DeSena’s off-putting Olivia even punches a gap within the story’s romantic logic. Viola’s brother Sebastian (Christopher Llewyn Ramirez) exhibits up miraculously alive and has a rapturous encounter with Olivia – because long before his arrival she’s been enthusiastic about Sebastian’s twin sister Viola, who – as Shakespeare’s heroines are wont to do – has secretly disguised herself as a male servant. Olivia’s sudden attraction to Viola-in-drag is an emotional thawing that the good Mark Rylance – when he played Olivia in the Globe Theatre production – reworked into one of many play’s fundamental pivot factors and a tremendous comic flip. Right here, DeSena’s amorous reaction to Viola is so tepid, you may miss it.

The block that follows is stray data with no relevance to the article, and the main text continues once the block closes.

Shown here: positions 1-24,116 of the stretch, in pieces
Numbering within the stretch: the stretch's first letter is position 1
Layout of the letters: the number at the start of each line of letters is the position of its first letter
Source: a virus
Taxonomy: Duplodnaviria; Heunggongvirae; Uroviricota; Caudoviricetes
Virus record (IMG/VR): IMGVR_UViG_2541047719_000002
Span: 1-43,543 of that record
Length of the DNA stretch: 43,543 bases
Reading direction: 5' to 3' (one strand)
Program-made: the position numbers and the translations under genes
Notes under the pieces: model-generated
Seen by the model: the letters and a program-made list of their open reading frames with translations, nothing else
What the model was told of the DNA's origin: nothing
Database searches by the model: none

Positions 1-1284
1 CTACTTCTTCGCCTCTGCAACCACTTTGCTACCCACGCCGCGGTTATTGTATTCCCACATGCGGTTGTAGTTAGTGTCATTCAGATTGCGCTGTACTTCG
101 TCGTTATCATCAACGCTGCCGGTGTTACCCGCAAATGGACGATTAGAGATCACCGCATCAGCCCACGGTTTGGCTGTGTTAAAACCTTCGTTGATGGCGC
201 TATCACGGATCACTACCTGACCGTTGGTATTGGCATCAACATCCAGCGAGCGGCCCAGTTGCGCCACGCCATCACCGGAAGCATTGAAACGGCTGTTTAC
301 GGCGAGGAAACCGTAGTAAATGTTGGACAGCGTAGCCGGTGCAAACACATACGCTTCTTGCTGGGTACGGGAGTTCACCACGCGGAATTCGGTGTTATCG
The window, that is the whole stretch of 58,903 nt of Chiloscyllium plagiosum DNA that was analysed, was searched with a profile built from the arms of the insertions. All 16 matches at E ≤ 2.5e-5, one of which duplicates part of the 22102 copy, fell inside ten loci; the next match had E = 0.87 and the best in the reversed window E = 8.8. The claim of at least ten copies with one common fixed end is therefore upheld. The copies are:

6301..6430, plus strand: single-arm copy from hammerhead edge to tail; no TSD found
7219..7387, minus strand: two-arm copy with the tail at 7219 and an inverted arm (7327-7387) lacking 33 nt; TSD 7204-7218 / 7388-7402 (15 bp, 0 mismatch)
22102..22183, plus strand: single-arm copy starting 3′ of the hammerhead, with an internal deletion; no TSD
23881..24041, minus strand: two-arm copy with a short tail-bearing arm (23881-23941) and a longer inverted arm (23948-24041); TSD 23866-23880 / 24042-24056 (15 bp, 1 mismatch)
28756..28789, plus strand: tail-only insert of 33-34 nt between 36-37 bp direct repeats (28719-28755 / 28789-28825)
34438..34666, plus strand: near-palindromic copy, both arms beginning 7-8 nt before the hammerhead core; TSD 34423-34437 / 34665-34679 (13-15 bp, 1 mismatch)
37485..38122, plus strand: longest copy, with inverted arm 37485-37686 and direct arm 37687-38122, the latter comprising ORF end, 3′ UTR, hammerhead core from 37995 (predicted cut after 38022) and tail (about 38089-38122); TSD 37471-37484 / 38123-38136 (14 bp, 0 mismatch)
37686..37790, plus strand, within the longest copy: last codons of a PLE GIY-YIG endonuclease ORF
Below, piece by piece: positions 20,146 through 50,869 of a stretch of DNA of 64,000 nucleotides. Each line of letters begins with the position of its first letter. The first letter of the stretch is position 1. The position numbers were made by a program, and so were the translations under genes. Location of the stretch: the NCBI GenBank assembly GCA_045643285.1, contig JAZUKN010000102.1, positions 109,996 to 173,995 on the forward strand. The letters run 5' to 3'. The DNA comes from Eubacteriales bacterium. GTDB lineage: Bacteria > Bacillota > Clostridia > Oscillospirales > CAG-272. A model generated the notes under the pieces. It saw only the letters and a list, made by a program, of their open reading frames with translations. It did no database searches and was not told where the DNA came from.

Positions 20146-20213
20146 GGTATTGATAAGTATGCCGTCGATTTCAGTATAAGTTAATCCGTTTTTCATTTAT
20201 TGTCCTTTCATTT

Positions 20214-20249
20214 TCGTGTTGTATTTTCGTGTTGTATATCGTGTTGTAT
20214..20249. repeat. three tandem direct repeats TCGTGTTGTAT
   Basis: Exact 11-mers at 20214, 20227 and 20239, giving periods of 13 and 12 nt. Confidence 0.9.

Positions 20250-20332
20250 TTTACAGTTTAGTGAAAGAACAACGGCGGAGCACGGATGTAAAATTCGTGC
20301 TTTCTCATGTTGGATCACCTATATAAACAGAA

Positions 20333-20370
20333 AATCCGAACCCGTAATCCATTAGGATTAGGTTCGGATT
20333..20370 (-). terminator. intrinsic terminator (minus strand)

Consequently, when the Sebastian-Olivia romance does come along, it doesn’t really feel prefer it’s much cause for joy. Congratulations, Sebastian, you’ve just gained the guts of a fairly chilly contessa. Good luck with that.
Or think about Malvolio. Alex Organ has an actual expertise for enjoying monsters (‘Frankenstein,‘ ‘Othello‘), and he easily adds Malvolio’s prickly officiousness to his repertoire. Malvolio despises the party-loving spongers at Olivia’s home: Toby Belch (Liz Mikel) and Andrew Aguecheek (Blake Hackler). They, in flip, prank him by making him consider the Woman Olivia is secretly in love with him.